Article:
i. Trial trench plan and overlay of modern warehousing
ii. Trial trench plan and overlay of modern warehousing and Evelyn’s garden plan of 1653
(Courtesy Londonslostgarden)

Given the questions posed above concerning the trial trenching of Sayes Court, I decided to examine the trench plan targeting the dockyard Officers’ Terrace. This terrace may be the earliest palace front terrace in England, and therefore a major contribution in the development of European architecture, data that would be significant in helping to identify the site of the former dockyard as a whole of international importance.

In relation to the development of royal dockyard officers’ housing, Lake and Douet for English Heritage depending on Jonathan Coad’s work The Royal Dockyards 1690-1850: Architecture and Engineering Works of the Sailing Navy (1989), claim “The earliest (palace front terrace) was the former Devonport Officer's Terrace, (now part of South Yard and largely destroyed by bombing), which was built between 1692 and 1696 under the direction of the Surveyor, Edward Dummer.” However, had Lake and Douet fully consulted King’s MS 43, Dummer’s renowned survey of the royal dockyards of 1698, the plans of Deptford would have shown that the principal Officers’ Terrace there was in place by 1688.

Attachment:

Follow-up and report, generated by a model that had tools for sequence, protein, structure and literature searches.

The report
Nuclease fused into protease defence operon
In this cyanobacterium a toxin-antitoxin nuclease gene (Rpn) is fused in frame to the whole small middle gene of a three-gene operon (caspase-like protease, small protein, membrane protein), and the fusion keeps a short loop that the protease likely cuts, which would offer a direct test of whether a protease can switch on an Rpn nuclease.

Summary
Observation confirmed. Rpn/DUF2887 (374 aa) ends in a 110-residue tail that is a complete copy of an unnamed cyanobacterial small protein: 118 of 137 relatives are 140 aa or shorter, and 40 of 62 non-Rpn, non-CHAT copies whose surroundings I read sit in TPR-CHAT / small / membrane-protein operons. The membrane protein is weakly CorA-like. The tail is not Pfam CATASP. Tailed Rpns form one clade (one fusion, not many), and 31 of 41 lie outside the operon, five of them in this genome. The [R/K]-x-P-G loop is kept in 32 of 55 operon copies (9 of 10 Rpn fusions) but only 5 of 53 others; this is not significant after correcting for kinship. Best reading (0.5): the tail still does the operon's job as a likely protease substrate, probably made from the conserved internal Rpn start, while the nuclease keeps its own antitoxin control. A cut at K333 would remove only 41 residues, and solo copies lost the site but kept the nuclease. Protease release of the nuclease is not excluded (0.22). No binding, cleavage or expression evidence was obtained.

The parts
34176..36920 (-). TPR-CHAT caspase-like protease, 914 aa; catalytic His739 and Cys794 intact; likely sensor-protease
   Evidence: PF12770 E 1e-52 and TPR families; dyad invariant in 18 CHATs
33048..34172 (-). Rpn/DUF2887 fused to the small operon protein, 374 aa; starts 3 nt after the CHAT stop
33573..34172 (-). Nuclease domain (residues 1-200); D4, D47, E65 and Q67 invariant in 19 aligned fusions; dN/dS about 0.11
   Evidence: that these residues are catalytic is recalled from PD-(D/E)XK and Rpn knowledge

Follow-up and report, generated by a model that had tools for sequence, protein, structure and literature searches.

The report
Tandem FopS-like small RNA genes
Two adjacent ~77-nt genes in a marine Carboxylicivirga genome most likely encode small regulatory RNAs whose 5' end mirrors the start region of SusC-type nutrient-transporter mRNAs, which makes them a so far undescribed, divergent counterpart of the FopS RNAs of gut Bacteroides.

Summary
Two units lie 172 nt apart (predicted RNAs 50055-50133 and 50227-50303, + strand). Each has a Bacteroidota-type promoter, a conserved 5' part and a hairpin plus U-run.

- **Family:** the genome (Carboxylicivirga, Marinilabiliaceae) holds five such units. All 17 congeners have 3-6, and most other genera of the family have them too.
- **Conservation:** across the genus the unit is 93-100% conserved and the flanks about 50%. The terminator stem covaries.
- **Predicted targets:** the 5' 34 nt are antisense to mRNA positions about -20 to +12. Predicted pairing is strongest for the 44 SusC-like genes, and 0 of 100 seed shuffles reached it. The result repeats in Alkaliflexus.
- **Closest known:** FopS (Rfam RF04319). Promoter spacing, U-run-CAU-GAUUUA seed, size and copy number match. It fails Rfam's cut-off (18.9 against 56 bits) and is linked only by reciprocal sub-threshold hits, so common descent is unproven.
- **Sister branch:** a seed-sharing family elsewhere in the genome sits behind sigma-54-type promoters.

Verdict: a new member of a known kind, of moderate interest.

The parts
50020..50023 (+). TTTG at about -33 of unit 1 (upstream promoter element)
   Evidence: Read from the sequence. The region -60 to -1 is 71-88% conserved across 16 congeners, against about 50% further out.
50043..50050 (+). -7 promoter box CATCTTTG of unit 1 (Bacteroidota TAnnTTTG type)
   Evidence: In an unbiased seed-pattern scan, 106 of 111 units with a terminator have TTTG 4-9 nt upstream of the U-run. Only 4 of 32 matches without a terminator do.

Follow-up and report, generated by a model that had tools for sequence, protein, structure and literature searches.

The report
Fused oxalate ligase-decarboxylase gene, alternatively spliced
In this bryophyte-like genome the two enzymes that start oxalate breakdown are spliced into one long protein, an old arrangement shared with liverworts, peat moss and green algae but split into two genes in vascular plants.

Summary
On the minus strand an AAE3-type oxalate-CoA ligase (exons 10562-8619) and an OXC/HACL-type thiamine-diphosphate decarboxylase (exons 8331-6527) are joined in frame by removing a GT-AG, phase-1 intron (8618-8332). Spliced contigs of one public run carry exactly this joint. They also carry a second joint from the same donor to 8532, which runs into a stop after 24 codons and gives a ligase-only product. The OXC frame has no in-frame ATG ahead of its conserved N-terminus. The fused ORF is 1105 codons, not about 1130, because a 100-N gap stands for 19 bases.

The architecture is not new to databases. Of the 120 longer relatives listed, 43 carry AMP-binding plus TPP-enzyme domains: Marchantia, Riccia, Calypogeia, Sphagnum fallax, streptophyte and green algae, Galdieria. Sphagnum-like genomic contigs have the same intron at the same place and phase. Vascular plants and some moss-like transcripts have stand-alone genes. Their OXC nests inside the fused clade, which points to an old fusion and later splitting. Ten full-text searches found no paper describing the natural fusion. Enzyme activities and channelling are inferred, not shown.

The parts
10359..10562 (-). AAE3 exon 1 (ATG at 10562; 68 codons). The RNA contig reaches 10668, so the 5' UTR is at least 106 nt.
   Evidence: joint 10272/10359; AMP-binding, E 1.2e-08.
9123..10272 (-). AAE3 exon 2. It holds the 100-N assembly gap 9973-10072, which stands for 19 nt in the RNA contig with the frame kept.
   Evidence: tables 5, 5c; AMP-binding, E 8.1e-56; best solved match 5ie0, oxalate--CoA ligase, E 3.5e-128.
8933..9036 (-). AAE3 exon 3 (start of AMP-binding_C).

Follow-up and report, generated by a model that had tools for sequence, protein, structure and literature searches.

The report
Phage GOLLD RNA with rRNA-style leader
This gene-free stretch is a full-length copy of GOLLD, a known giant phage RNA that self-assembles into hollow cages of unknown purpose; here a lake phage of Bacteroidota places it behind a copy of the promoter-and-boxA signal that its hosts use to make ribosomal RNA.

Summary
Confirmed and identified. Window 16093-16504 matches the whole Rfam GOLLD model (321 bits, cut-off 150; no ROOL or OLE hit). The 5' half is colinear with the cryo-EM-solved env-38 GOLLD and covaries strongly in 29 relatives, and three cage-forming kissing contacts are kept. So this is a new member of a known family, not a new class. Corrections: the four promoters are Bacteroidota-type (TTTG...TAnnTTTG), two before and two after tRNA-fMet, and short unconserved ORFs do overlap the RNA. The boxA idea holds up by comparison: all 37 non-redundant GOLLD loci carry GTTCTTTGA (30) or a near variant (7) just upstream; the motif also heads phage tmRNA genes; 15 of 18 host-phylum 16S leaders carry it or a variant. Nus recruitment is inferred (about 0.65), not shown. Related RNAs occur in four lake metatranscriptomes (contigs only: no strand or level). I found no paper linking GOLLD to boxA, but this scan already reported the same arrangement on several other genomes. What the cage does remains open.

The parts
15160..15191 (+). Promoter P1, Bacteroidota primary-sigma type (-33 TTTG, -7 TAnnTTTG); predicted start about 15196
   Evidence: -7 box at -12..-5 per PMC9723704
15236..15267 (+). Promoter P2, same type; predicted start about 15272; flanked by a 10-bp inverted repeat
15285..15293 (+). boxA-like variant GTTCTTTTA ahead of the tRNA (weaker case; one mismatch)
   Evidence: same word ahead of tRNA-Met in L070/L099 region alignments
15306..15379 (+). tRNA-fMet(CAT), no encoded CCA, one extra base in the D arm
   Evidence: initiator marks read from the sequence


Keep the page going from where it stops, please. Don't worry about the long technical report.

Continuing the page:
Dummer’s Survey of the dockyard at Deptford 1688 plan from Kings Ms. 43 1698
Showing the Officers’ Terrace to the upper far eastern boundary of the site (courtesy of the British Library)

The modest palace front terrace at Deptford is clearly evidenced as being built prior to Devonport and as such Deptford not Devonport, as Lake and Douet have claimed, “shows the earliest instance in Britain of a palace front terrace.”

The terrace at Deptford accommodated the Master Attendant, Clerk of the Survey, Clerk of the Cheque, Builder’s Assistant, Storekeeper, and Surgeon. The total value ascribed to the terrace by Dummer in 1698 was £3,662. The most expensive house was the corner house occupied by the Clerk of the Cheque valued at more than £950.


Dummer’s survey of the Officers’ Terrace at Deptford shown here in the 1698 Kings Ms. 43 (Courtesy of the British Library)